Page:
In today’s technology based fishing world, it seems all too easy to get distracted staring at our electronics instead of paying attention to what the fish are telling us. There is no doubt that modern electronics are one of the most game-changing discoveries in the history of the sport, but we also need to keep in mind that good ole’ mother nature and the fish themselves can often be just as useful.
One thing I have really tried to teach myself over the years is to be extremely diligent about taking a detailed look at every fish I catch. There are several different things to look for that will give a really good indication as to what the fish are doing.
Here is a short checklist of things to look for:
Reading the Fish’s Color
The color of a fish can really tell you a lot about what they are doing. A pale, whitish bass tells you that it has been hanging out in deep water. If you catch the fish out deep, it tells you that it has been out there for a while and has lost a lot of color. If you catch it up shallow, you can assume the fish just moved up into the shallow water. Very dark colored fish are fish that are relating to grass and have much more defined markings. Once you catch a couple fish and pay attention to their color, you can get a much better idea of whether you should target shallow or deep water.
Identifying What’s on the Fish’s Belly
Another thing to look at after you catch a fish is the belly. If you see mud rubs on the belly of the fish, you can determine that they are sitting on or very close to the bottom. It’s also good practice to start feeling the fat part of their belly to see what they are feeding on. If you are fishing a tournament, fish tend to spit up some of their most recent meal in your livewell, and sometimes this can be a blessing.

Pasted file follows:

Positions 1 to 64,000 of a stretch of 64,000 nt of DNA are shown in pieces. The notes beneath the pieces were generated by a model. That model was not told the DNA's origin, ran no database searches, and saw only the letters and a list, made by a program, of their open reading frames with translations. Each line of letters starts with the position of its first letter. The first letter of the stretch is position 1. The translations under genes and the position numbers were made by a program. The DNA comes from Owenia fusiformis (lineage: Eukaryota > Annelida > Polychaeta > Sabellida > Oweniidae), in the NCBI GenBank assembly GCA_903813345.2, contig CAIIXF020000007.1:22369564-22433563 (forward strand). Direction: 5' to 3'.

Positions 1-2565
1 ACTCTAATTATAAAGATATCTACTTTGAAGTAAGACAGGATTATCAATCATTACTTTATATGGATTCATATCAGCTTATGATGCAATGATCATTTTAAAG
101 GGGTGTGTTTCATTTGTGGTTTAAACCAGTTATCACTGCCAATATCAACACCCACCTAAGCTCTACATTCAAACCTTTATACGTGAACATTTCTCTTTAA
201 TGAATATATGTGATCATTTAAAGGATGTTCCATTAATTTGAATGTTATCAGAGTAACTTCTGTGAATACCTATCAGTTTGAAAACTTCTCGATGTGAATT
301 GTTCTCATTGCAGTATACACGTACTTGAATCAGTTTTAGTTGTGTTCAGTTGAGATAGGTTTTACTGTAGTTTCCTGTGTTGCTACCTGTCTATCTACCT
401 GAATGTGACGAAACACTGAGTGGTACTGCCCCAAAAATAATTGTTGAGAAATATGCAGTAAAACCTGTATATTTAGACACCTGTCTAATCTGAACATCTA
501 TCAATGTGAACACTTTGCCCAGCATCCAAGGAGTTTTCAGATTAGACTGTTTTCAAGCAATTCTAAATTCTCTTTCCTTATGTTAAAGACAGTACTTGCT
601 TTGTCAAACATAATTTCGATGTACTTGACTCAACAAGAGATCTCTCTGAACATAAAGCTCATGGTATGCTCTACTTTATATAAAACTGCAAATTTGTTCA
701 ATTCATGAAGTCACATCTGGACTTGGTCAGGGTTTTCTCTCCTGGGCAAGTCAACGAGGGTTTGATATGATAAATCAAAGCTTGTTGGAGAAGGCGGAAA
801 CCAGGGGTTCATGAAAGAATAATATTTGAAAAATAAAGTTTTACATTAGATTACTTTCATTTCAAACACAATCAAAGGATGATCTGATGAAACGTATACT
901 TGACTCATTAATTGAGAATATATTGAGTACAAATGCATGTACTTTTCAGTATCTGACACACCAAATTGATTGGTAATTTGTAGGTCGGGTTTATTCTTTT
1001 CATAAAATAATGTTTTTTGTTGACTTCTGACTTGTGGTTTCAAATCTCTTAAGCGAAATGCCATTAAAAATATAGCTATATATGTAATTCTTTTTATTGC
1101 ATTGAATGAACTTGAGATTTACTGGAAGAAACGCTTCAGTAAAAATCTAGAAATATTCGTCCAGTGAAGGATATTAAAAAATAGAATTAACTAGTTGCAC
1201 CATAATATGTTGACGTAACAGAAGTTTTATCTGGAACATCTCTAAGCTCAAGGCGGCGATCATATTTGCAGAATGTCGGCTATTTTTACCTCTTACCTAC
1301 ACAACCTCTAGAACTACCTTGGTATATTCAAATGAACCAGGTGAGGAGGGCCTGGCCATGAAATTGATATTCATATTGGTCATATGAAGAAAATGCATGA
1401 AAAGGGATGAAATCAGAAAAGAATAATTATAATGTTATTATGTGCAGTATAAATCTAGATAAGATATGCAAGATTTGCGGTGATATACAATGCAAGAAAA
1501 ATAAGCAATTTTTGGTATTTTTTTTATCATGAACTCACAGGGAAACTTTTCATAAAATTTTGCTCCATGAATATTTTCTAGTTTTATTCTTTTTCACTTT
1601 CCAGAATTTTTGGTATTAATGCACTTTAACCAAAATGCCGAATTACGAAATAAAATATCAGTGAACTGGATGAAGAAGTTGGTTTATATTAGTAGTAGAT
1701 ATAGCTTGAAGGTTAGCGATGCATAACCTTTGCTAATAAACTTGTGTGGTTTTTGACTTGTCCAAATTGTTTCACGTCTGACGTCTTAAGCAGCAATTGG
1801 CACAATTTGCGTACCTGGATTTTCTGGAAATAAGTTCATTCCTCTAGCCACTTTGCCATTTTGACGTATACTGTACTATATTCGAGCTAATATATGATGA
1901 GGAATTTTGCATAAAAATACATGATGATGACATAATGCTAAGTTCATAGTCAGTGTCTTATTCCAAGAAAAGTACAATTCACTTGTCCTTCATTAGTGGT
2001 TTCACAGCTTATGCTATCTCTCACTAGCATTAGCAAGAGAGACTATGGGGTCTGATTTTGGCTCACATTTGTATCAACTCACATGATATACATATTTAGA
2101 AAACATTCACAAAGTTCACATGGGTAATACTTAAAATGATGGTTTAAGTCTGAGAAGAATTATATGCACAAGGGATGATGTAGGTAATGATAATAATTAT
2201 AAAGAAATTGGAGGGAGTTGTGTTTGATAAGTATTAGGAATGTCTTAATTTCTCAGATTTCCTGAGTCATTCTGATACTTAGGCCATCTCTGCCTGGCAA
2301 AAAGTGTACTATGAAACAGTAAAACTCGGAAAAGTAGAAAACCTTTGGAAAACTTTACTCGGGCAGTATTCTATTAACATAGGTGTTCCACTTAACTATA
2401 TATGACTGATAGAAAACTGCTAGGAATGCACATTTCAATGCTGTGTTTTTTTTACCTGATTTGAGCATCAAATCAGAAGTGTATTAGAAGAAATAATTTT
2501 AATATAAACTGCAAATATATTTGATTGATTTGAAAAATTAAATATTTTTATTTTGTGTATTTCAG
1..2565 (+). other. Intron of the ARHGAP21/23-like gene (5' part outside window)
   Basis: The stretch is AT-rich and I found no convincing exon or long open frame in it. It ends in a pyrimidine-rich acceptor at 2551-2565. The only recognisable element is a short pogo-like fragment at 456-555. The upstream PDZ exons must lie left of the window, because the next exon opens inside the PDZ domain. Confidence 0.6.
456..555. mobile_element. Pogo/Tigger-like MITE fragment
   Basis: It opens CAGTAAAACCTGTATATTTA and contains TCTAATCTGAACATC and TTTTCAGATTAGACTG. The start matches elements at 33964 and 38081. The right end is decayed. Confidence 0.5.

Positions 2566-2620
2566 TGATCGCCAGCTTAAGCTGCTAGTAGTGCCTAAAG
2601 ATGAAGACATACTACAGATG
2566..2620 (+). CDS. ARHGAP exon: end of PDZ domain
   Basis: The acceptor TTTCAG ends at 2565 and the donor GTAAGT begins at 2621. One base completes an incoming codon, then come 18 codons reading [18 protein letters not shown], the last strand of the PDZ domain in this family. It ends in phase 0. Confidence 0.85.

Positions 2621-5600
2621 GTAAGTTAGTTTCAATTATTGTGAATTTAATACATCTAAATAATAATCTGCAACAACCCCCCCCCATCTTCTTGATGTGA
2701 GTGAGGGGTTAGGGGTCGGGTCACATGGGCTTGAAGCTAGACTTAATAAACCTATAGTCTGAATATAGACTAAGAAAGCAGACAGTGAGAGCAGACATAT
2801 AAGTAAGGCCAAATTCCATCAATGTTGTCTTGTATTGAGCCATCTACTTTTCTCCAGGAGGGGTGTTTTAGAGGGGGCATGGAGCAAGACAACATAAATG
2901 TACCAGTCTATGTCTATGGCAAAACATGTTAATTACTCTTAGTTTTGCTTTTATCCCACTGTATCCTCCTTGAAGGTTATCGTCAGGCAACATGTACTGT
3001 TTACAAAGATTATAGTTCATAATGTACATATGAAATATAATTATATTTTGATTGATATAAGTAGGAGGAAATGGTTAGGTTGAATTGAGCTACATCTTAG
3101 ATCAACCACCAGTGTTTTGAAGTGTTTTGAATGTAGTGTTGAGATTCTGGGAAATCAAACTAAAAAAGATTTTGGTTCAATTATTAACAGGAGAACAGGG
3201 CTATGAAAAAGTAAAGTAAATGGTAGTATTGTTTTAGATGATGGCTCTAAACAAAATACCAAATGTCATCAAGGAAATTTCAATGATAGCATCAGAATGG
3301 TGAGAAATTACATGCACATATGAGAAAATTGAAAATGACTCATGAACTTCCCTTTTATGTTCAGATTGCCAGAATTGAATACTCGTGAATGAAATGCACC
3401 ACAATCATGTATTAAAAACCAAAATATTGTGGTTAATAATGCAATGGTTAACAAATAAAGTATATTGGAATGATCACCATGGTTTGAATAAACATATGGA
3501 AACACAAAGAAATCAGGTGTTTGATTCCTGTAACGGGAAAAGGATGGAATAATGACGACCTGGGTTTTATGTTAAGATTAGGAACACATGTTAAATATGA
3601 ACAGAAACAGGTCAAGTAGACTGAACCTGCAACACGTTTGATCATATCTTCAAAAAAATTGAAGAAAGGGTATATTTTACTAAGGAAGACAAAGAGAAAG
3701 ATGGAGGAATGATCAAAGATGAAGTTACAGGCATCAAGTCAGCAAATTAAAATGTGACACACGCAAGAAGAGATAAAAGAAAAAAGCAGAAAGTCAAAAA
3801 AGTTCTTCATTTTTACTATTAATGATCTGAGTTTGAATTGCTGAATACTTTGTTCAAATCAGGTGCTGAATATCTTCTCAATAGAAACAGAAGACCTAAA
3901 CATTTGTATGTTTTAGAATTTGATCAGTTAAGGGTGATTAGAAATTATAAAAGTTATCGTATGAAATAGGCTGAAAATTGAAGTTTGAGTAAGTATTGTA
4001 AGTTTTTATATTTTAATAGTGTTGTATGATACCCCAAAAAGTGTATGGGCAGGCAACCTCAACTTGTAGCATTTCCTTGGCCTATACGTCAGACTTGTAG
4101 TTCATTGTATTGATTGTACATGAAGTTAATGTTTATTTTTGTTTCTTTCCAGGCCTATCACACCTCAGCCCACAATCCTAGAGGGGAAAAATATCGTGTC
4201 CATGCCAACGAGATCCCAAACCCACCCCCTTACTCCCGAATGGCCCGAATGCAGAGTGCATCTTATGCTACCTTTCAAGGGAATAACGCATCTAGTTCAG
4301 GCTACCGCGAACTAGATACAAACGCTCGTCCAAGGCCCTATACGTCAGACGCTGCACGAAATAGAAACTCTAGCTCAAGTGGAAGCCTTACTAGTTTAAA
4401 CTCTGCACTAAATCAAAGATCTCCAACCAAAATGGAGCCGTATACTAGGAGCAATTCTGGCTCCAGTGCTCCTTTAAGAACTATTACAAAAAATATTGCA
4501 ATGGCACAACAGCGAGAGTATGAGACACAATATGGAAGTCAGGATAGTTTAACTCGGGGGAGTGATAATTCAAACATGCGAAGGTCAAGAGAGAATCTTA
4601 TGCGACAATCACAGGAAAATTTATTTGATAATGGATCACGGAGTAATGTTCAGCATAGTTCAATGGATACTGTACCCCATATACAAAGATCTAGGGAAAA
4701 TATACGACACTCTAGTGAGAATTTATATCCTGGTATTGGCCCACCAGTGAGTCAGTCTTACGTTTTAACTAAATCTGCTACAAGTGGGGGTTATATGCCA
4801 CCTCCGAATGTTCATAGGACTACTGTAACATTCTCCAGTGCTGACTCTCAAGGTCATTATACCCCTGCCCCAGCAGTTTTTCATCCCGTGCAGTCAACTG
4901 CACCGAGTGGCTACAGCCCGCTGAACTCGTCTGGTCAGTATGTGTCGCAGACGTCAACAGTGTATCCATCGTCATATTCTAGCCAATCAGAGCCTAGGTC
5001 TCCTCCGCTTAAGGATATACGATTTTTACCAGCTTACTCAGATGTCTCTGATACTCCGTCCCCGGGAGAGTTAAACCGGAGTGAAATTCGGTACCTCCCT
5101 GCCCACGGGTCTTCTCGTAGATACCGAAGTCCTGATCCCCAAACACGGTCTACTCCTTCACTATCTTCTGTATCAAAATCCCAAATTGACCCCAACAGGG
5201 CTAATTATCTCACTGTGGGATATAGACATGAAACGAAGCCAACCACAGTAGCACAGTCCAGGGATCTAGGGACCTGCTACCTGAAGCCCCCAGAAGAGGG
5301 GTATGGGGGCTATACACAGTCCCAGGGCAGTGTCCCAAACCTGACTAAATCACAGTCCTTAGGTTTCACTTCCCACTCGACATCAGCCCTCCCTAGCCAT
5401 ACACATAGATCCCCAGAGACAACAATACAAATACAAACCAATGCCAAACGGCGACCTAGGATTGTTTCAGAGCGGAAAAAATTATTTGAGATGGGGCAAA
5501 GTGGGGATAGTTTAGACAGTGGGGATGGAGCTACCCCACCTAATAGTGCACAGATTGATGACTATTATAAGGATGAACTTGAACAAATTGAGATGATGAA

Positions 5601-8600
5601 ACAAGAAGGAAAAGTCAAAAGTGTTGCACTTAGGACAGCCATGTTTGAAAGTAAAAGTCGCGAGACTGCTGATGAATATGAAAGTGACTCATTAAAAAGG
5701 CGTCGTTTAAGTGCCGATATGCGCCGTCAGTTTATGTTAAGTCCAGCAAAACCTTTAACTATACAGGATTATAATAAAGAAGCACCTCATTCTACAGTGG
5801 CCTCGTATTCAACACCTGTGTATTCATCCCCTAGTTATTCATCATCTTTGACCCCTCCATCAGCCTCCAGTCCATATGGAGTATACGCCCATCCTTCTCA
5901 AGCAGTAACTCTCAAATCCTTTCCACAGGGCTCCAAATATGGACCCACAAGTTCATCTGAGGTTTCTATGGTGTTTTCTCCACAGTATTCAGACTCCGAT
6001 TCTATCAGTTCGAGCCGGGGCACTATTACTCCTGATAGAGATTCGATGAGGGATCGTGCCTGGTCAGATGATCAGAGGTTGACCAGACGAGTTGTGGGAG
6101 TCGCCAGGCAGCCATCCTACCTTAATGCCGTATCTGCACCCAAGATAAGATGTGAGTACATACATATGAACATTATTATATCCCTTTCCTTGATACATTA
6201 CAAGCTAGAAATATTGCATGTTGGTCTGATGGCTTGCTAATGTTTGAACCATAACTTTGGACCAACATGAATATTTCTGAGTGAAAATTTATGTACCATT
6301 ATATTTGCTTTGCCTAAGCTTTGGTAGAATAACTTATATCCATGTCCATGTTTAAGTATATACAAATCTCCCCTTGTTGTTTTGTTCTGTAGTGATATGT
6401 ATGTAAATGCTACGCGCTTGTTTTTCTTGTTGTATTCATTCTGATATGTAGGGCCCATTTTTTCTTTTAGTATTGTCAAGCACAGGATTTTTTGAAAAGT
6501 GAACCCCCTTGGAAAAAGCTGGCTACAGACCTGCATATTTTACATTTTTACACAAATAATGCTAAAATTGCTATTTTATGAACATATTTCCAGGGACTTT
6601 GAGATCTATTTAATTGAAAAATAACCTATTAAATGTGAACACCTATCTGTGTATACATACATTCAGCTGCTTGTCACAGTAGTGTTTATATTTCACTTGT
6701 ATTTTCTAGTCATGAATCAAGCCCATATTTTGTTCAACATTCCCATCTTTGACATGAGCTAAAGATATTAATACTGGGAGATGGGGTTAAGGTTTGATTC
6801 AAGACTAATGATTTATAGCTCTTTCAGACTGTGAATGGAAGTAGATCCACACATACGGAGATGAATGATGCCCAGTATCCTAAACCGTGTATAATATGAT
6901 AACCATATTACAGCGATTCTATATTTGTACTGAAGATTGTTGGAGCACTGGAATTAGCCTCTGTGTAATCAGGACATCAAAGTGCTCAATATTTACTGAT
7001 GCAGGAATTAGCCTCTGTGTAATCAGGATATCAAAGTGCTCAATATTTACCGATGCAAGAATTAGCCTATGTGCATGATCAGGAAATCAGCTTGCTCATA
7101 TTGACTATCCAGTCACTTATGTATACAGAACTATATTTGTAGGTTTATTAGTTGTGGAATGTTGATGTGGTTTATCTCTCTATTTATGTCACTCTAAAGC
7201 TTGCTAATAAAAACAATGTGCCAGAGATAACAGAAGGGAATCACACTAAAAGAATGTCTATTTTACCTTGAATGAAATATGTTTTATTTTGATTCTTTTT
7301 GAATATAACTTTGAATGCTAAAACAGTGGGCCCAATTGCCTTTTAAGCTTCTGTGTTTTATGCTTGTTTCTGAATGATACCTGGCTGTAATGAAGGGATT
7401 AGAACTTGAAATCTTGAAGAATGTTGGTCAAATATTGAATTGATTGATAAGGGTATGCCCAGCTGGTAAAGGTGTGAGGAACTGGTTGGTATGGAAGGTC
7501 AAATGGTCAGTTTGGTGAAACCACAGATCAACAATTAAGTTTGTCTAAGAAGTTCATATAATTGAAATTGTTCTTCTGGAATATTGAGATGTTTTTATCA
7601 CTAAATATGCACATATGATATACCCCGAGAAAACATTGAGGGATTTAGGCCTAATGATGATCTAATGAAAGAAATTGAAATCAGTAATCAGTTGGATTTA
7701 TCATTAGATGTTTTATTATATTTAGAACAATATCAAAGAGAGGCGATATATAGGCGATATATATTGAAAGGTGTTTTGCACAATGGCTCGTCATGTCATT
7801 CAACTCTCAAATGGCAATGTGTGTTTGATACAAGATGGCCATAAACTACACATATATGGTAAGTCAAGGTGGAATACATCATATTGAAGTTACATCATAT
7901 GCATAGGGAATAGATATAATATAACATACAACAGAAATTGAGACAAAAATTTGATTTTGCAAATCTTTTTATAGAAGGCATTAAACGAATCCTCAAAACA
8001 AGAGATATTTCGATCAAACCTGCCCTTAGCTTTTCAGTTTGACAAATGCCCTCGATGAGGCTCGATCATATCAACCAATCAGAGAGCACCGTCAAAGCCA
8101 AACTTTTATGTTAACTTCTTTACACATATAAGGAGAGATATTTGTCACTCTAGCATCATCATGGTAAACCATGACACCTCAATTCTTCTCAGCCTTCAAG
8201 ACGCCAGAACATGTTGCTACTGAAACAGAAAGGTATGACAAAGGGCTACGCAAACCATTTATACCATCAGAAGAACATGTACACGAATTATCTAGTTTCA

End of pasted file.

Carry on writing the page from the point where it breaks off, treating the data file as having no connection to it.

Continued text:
Just recently, I was fishing a Tuesday evening tournament on the Ohio River and the small spotted bass we had in the livewell were spitting up big crawdads. We went back two days later with crawfish colored crankbaits and flat wore them out. They were engulfing the whole crankbait, and it seemed like every fish had both treble hooks. Attention to detail can make all the difference.
Looking at the Fish’s Nose and Throat
At some point or another, all of us have probably seen a shad tail or crawfish pincers sticking out of a fish’s throat. It is always worth a look to see if there is a tasty morsel hanging out of their throat. If you can tell what that tasty morsel is, you can match the hatch and put more fish in the boat. Every once in a while, you will see a fish that just looks beat up. Sometimes, that could be from other fish or a number of other predators. However, take a quick look at their nose and you may find it to be scratched up and beat up. If this is the case, you have a fish that is banging around the rocks looking for crawfish. Only a few ways to catch a bass that’s looking down!
Knowing About the Fish’s Tail
This is probably the most common feature of a fish that anglers pay attention to. It really pays off during the spawn and post-spawn periods. Fish will tend to get their tails beat up pretty bad from the whole spawning process. Examining a fish’s tail can help determine which phase of the spawn they are in. A beat up, bloody tail usually means a fish has just gotten done with the spawn. You can use this information to draw your own conclusions about how many fish are left shallow and how quickly they will begin the process of moving out to their summertime locations.
Every little piece of information that we gain as anglers will help us put more fish in the boat. Follow these tips and it just might help you put a few more pieces of the puzzle together!